It's a long, long trip from the East Coast to the volcanic islands of Hawaii, flung out in the middle of the vast Pacific. But Hawaii's utterly unique world of flourishing rainforests, towering cliffs, immaculate beaches, giant waves, volcanic slopes, quaint seaside towns and state-of-the-art luxury resorts ensure that, once you arrive, the long journey will be immediately forgotten.
Beautiful as it is, it can't be denied that Hawaii isn't the cheapest place to go on vacation. So to help you to save as much money, we've calculated the five cheapest Hawaiian destinations, on average, you can fly to from from D.C.'s Dulles International Airport. Take a look through our rundown to work out which island — Oahu, Maui, Kauai or the Big Island — best matches your dreams of a Hawaiian vacation.
Hilo is a pretty and traditional residential town on Hawaii's Big Island, home to the University of Hawaii and a gorgeous 30-acre Japanese garden. But while spending a day or two relaxing in the town is certainly pleasant, the real reason to fly into Hilo is as a launching point for explorations of the Big Island's lush, green eastern half. Walk through rainforests, dip into the pools that ripple beneath crashing waterfalls, and delve into Hawaii Volcanoes National Park, where you can see the world's most active volcano. United operate the only route from Washington's international airport, with two connections and a travel time of 14 to 17 hours.
Fly into Lihue to discover Hawaii's wildest and greenest island, Kauai, nicknamed "the Garden Island." Blanketed in lush vegetation, its few roads weave a tiny tarmac path through verdant greenery, and all this fantastic nature reaches its zenith in two of the archipelago's most astonishing sights: Waimea Canyon, a green-flecked cousin to Arizona's geological marvel, and the Na Pali Coast, a breathtaking stretch of jungle-topped sheer cliffs shadowing near-inaccessible golden-sand beaches. If this sounds like the Hawaii you want to see, just snap up these great-value flights from Delta, with two connections and a travel time of 16 hours.
Kailua-Kona, located on the drier, western half of Hawaii's Big Island, is a quintessential seaside town sprinkled with a little Hawaiian flavoring. Its gorgeous waterfront is lined with tasty restaurants, flashing amusement arcades, and cozy bars, but nestled among all the kitsch are a historic temple (Ahuhena Heaui) and royal palace (Hulihee). If you prefer something a little more exclusive, though, then fly into Kona and travel up to the pricey, sophisticated resorts and golf clubs of the island's northwest shore. Both United and Delta offer good-value connecting flights with fares at their lowest during May, at the start of the Hawaii's low season.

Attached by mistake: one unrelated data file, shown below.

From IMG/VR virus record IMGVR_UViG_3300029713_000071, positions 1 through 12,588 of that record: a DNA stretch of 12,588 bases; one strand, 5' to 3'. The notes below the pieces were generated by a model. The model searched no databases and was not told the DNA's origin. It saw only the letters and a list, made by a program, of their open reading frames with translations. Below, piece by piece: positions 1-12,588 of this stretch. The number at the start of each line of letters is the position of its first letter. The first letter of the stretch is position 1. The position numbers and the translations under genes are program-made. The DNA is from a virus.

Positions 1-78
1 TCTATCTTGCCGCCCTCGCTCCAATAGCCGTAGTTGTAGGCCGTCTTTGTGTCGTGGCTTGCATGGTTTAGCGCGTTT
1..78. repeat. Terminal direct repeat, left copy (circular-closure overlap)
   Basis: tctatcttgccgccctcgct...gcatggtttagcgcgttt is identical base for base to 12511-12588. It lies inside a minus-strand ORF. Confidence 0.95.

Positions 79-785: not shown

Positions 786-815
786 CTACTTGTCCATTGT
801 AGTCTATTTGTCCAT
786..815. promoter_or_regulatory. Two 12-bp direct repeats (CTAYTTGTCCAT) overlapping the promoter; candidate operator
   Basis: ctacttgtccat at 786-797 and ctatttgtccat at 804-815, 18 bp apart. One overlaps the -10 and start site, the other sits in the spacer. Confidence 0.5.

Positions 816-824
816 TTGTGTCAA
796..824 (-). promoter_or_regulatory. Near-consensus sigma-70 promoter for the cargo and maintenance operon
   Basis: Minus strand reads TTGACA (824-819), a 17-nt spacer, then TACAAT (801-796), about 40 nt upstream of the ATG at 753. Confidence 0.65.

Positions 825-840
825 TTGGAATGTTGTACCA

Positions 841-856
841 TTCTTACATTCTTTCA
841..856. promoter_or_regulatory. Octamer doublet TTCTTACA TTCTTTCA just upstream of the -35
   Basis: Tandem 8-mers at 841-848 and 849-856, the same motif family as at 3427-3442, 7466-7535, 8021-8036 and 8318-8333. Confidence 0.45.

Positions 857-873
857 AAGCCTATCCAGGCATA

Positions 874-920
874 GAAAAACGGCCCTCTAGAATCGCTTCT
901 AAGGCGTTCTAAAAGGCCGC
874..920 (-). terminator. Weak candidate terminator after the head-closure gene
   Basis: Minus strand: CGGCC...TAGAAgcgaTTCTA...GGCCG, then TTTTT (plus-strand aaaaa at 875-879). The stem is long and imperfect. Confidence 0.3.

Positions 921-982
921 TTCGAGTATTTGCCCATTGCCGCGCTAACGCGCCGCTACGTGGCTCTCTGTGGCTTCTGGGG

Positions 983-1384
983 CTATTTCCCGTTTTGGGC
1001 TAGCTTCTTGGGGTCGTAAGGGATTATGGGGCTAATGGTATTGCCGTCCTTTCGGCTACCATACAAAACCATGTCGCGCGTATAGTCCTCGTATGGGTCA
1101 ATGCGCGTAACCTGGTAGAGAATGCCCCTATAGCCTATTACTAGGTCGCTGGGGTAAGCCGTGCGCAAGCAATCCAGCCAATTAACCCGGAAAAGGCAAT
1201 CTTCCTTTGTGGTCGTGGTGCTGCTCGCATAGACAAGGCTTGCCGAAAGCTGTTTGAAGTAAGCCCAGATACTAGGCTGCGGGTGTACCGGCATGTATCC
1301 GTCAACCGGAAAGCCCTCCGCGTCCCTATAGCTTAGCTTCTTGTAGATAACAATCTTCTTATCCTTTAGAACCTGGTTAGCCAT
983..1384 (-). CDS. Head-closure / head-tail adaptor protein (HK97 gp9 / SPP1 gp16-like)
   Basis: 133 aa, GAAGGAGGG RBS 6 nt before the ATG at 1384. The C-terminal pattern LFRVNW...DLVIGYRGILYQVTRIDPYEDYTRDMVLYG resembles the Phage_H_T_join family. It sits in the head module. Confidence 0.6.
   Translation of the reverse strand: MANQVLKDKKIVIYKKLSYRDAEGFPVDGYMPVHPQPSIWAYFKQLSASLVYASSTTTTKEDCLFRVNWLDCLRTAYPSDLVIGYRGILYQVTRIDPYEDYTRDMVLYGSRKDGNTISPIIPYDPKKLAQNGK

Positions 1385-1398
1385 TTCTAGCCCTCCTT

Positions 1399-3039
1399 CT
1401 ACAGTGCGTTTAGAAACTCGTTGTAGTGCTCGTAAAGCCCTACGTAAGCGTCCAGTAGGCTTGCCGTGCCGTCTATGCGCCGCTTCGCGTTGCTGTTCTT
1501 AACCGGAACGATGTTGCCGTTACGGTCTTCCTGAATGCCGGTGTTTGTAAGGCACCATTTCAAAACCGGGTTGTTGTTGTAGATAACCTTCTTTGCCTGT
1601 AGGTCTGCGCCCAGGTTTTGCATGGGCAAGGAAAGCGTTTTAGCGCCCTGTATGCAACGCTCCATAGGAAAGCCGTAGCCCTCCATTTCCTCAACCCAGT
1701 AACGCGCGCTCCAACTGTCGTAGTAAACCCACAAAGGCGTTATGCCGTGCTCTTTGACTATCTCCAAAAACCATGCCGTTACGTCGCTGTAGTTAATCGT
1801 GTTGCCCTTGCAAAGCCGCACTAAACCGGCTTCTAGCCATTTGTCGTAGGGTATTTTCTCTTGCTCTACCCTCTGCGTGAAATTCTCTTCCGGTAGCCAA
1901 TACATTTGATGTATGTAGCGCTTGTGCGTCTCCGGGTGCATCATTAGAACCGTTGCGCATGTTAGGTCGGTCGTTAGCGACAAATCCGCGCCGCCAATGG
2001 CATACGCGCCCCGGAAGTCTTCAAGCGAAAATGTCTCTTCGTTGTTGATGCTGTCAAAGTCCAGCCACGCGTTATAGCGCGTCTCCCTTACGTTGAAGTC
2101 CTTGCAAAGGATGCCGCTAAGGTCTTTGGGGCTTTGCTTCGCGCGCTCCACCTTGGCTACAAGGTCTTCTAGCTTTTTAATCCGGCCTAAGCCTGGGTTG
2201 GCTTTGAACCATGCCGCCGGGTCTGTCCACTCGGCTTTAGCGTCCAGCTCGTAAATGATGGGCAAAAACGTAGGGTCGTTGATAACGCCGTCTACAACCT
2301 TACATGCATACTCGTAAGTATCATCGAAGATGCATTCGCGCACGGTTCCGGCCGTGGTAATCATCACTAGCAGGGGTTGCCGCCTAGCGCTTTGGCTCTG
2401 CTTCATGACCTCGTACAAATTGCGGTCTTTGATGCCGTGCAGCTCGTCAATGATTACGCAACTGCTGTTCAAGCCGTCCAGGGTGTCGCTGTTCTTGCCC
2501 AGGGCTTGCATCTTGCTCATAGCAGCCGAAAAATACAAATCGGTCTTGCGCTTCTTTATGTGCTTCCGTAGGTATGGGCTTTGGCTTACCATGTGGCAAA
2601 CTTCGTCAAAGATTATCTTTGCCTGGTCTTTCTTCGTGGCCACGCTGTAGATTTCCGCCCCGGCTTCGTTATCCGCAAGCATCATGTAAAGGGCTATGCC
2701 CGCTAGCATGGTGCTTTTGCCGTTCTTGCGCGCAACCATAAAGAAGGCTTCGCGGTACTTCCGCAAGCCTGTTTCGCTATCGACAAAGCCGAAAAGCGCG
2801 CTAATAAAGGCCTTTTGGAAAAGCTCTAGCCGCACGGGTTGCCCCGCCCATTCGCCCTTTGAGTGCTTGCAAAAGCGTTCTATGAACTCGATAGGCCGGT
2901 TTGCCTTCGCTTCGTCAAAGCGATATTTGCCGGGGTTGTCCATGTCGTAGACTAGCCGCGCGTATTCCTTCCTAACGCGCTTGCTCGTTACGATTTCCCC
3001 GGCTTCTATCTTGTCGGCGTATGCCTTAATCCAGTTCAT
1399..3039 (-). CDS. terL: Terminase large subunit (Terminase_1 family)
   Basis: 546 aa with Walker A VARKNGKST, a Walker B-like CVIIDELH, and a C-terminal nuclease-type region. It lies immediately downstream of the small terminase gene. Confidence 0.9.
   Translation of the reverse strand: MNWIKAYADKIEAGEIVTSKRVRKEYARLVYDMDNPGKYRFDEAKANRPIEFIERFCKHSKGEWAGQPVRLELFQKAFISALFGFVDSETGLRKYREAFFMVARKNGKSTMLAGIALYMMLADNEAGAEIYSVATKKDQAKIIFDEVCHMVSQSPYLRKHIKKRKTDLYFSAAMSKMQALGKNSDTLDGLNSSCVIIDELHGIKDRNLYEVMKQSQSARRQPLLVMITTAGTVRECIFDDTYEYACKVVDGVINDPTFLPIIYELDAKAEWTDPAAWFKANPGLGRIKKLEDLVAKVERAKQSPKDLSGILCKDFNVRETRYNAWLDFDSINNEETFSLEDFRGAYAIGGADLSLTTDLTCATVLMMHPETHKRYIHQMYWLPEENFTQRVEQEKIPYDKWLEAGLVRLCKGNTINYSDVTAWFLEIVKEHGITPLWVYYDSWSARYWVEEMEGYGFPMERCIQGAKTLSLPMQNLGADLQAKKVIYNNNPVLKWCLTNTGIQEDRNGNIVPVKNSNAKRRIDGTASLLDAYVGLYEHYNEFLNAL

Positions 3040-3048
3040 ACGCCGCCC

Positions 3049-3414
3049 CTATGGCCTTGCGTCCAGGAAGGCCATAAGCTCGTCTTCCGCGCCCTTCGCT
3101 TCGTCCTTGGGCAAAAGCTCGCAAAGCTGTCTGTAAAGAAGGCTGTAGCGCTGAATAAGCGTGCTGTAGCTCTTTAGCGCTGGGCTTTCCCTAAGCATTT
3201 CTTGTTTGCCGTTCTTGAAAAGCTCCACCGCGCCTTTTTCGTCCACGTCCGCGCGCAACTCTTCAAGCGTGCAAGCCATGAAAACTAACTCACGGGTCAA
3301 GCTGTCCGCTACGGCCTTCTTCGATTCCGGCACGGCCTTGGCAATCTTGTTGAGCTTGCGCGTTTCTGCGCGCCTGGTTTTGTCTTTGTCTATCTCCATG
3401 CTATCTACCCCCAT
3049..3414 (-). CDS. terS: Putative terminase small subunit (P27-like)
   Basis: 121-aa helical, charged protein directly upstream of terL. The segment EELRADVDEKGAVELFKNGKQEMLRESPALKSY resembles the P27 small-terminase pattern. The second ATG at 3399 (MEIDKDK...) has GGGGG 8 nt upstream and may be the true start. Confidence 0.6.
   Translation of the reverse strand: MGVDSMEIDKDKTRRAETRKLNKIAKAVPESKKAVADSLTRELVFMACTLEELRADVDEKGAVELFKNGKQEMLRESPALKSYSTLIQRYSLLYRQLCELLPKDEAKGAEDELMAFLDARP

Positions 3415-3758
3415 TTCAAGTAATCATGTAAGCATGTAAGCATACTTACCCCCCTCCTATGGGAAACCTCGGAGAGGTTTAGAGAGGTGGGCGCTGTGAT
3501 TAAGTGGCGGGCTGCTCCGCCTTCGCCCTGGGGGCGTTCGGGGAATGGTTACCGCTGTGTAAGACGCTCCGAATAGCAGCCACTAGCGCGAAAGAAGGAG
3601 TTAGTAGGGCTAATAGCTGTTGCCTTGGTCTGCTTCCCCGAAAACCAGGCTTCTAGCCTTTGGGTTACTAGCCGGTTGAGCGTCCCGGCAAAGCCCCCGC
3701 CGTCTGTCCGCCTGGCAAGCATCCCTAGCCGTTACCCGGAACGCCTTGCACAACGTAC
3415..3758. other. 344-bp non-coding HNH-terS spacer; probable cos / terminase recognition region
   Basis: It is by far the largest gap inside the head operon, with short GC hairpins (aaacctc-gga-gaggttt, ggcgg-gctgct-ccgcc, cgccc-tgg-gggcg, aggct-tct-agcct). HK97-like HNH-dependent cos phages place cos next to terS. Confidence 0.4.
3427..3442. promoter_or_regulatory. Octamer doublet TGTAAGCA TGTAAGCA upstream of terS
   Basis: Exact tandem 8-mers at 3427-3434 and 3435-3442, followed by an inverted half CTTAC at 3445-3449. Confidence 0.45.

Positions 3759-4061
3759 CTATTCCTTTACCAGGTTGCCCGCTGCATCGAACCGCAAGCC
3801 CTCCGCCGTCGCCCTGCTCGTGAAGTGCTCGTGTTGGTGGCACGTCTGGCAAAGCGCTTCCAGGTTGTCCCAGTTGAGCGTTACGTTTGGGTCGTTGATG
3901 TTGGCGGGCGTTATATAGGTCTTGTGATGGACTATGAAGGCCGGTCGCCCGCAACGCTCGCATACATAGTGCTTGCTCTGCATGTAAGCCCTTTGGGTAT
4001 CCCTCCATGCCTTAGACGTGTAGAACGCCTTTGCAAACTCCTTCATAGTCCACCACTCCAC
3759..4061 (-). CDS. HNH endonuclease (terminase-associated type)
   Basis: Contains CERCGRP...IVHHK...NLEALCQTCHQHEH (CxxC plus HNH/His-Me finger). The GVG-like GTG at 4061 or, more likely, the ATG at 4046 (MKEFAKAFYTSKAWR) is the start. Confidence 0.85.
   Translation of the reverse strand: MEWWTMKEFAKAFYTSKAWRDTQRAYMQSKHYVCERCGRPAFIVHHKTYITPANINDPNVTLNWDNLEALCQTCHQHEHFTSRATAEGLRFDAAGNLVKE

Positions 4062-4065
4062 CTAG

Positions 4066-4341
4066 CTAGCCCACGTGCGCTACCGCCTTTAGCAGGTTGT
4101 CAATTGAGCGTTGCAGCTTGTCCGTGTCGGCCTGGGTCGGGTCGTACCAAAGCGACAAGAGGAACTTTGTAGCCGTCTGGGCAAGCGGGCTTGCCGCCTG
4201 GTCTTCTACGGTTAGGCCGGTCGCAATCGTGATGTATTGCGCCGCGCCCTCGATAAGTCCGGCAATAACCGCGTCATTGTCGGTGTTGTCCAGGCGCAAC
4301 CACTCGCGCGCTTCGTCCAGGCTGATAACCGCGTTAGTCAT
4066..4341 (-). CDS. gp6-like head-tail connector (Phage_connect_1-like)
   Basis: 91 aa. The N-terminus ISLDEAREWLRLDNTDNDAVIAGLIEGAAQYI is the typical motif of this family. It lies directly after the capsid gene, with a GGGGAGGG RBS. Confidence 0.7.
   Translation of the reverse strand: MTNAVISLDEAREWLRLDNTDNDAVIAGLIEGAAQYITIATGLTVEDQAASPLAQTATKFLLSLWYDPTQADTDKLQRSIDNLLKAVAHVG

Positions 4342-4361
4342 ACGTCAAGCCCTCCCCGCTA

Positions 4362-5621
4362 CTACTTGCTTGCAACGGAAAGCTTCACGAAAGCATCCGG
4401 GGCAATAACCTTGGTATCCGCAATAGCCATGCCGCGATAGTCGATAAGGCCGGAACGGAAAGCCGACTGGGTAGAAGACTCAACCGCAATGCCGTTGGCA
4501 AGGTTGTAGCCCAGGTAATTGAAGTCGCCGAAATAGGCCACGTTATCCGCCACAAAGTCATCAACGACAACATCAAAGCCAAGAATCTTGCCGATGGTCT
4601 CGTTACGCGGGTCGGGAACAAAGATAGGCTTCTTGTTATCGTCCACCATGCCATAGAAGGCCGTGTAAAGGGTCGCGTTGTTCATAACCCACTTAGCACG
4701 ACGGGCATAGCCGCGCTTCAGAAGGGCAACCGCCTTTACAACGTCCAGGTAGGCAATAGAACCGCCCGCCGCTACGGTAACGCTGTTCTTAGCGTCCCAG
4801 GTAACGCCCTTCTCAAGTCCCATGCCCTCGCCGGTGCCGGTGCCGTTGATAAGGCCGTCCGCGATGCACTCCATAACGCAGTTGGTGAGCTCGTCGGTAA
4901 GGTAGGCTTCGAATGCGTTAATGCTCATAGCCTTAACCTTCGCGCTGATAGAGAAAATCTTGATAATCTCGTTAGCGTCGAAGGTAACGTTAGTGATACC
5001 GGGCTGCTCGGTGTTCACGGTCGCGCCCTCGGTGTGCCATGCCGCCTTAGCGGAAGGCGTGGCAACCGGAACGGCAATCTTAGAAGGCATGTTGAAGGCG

Kahului is located on the hip Hawaiian island of Maui, so there are certainly plenty of excellent reasons to fly there: lush valleys, rolling forests, volcanic landscapes, paradisiacal beaches, world-class restaurants and resorts, and a strong traditional culture. One specific highlight is the spectacular Hana Highway, a ribbon of road lacing between verdant rainforest and sheer cliffs that plunge thousands of feet to the sand below. Another is the unique wildlife and stunning views that can be found in Haleakala National Park and the Iao Valley. There are many, many more good reasons to go, so have a look through the great deals on connecting flights available with both Delta and United.
For a combination of great value and super efficiency, consider flying direct to Hawaii's state capital on the island of Oahu: United's direct flights cost around $870 round trip and take just 10 hours. Alternatively, Delta operate an even cheaper connecting route that costs $100 less, involving two connections and a travel time of around 15 hours. Oahu is the perfect introduction to Hawaii for new visitors, hosting not only Honolulu but also world-famous tourist hotspots such as Waikiki, which is full of clubs, bars and hungover surfers. The serious surfers, on the other hand, take themselves off to the island's North Shore, struck by some of the largest waves on Earth during the winter months.